Familiar facets of our modern existence—the kinds of things that trend on Twitter—loom large in Friends and Strangers, the fifth novel from J. Courtney Sullivan, out this summer from Knopf. It follows Elisabeth, a New York writer displaced in the suburbs with her husband and newborn son, and Sam, a college student Elisabeth hires as a babysitter. Swirling around them are such attractions as a student rally against unequal pay for university workers, tiffs and tussles within a popular mommy Facebook blog, a social influencer chasing bikini-brand deals, and a book idea decrying the loss of the American identity. It’s a novel that reminds you just how hyper-aware the world has become since, say, the early 2010s—the war between genders, races, classes—and yet never loses sight of its timeless keystone: the strength of the bonds built by women, between women. This, coupled with the trials of stale love, and a fair few lies and secrets, comes together in a story that, at the heart of its 400-something pages, chips away at the stunning intimacy we can sometimes share with strangers.
Jumping between the intelligent yet harried-by-life Elisabeth and the optimistic yet naïve Sam, Friends is a slow burn to a climax that seems tamer than the jacket copy would have you believe for a novel many have referred to in the media as belonging to the genre of ‘women’s fiction.’ There is no murder, no affair, no young children who witness heinous crimes or perhaps commit the heinous crimes themselves. Instead, we find a complicated yet habitual story: Elisabeth in a rut, a new mother whose relationship to her new son and her husband Andrew seems less real, as if almost for show. She finds herself at odds with the gossipy mothers of a book club, within a tight-knit, upper-class suburban community that she views with interest, thinking of the words she could write about them.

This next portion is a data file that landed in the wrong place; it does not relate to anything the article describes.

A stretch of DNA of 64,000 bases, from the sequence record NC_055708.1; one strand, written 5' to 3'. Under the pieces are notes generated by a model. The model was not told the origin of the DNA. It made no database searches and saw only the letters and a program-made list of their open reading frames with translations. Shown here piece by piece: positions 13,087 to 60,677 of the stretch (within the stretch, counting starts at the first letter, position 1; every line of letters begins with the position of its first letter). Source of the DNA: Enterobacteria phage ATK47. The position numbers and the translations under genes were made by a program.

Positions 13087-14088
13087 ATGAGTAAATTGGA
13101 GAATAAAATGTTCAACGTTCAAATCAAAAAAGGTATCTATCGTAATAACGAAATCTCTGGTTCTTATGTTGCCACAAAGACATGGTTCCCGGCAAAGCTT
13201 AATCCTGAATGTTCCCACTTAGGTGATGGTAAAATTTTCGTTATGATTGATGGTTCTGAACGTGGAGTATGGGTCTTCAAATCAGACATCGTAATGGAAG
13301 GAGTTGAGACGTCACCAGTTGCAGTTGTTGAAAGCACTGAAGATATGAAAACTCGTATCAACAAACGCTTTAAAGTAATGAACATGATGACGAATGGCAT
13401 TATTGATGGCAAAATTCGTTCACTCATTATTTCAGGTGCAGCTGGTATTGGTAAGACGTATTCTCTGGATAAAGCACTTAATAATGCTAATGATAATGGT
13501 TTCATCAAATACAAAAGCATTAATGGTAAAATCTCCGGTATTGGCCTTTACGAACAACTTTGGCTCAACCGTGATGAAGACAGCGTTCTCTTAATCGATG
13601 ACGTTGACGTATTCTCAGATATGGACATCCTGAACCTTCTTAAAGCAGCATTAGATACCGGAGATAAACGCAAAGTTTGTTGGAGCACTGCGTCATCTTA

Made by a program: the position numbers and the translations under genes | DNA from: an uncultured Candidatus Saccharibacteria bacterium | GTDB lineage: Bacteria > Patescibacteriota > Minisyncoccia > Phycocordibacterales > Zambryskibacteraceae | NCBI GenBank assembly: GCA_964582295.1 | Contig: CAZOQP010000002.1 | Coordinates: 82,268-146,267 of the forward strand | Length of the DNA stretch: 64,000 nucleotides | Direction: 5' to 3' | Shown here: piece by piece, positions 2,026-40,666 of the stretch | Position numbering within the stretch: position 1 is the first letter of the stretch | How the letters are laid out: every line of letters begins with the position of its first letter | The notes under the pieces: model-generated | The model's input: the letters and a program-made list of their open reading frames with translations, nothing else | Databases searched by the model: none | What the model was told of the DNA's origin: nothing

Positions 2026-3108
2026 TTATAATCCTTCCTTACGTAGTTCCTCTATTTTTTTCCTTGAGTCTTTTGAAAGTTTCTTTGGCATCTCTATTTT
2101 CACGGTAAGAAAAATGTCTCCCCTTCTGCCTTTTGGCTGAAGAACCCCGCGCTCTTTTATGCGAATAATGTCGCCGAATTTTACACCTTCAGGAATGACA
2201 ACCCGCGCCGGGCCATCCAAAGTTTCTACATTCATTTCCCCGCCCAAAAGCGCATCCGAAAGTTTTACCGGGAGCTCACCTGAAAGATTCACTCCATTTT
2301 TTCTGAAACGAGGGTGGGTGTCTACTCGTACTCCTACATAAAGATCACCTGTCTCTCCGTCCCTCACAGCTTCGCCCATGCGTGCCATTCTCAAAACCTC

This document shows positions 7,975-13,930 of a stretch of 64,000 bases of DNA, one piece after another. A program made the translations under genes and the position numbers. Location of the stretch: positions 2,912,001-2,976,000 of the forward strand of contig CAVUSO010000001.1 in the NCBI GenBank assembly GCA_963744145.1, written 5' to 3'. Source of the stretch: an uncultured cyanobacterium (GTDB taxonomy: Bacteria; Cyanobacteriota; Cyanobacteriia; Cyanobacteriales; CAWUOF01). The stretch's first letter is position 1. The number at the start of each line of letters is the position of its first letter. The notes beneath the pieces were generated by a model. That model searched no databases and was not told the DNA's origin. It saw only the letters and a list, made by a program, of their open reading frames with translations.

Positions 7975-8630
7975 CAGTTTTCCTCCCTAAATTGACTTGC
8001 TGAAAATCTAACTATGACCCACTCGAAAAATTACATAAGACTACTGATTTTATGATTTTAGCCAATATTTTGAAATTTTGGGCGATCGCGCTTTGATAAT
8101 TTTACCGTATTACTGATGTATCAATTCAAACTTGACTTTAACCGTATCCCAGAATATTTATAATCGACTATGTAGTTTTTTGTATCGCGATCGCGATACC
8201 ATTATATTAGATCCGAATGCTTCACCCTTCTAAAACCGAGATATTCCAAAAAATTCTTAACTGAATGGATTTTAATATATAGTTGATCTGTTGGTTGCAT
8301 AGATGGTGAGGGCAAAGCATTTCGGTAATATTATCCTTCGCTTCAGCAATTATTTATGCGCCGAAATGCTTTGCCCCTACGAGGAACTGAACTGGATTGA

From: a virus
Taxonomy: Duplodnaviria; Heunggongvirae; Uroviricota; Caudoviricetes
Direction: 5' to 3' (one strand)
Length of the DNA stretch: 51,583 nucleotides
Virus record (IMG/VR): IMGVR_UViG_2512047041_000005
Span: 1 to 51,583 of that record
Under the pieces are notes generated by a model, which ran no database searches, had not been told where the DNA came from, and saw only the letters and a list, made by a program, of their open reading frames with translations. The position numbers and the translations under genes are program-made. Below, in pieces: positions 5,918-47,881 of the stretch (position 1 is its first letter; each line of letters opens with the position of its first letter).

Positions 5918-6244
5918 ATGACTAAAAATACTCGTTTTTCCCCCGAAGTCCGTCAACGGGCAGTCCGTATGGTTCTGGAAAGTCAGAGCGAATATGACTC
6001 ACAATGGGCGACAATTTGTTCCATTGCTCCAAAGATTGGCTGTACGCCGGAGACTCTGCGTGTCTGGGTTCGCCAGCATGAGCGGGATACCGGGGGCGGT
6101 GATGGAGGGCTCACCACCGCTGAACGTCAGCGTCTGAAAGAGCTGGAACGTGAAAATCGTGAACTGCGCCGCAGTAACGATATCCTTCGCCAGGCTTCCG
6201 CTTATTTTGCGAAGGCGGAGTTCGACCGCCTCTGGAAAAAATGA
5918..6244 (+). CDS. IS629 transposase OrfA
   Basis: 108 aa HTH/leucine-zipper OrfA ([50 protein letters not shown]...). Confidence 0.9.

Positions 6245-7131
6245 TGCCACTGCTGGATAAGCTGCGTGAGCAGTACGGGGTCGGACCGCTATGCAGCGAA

Enter Sam, a college student in a maybe-relationship with a 35-year-old British tour guide, Clive, who feels more at home working in the cafeteria on campus than with her privileged classmates. The two women meet when Elisabeth hires Sam as a babysitter, and over time, become closer than close.
We inhabit the lives of these two women over numerous events and catastrophes in their lives. From Sam’s embrace of a student movement to secure equal pay for her colleagues and her budding romance with the enigmatic but well-meaning Clive, to Elisabeth’s fraught relationship with her social influencer sister and her acknowledgment of complicity pertaining to her wealthy, irresponsible father, Sullivan populates her neighborhood with tense dinners, dorm room arguments, and the like. But above the rich images comes the central question: a babysitter is given the keys—quite literally—to the most intimate parts of a parent’s life. Just how much does Elisabeth let Sam in, and how much does Sam let herself? And given the close personal nature of their working dynamic, did either really have a choice?
Though relatively hefty—pages considered—Friends and Strangers passes quickly. Sullivan pulls together a narrative dotted with vivid characterizations, particularly of women, that enrich a world, our world, captured in the prose.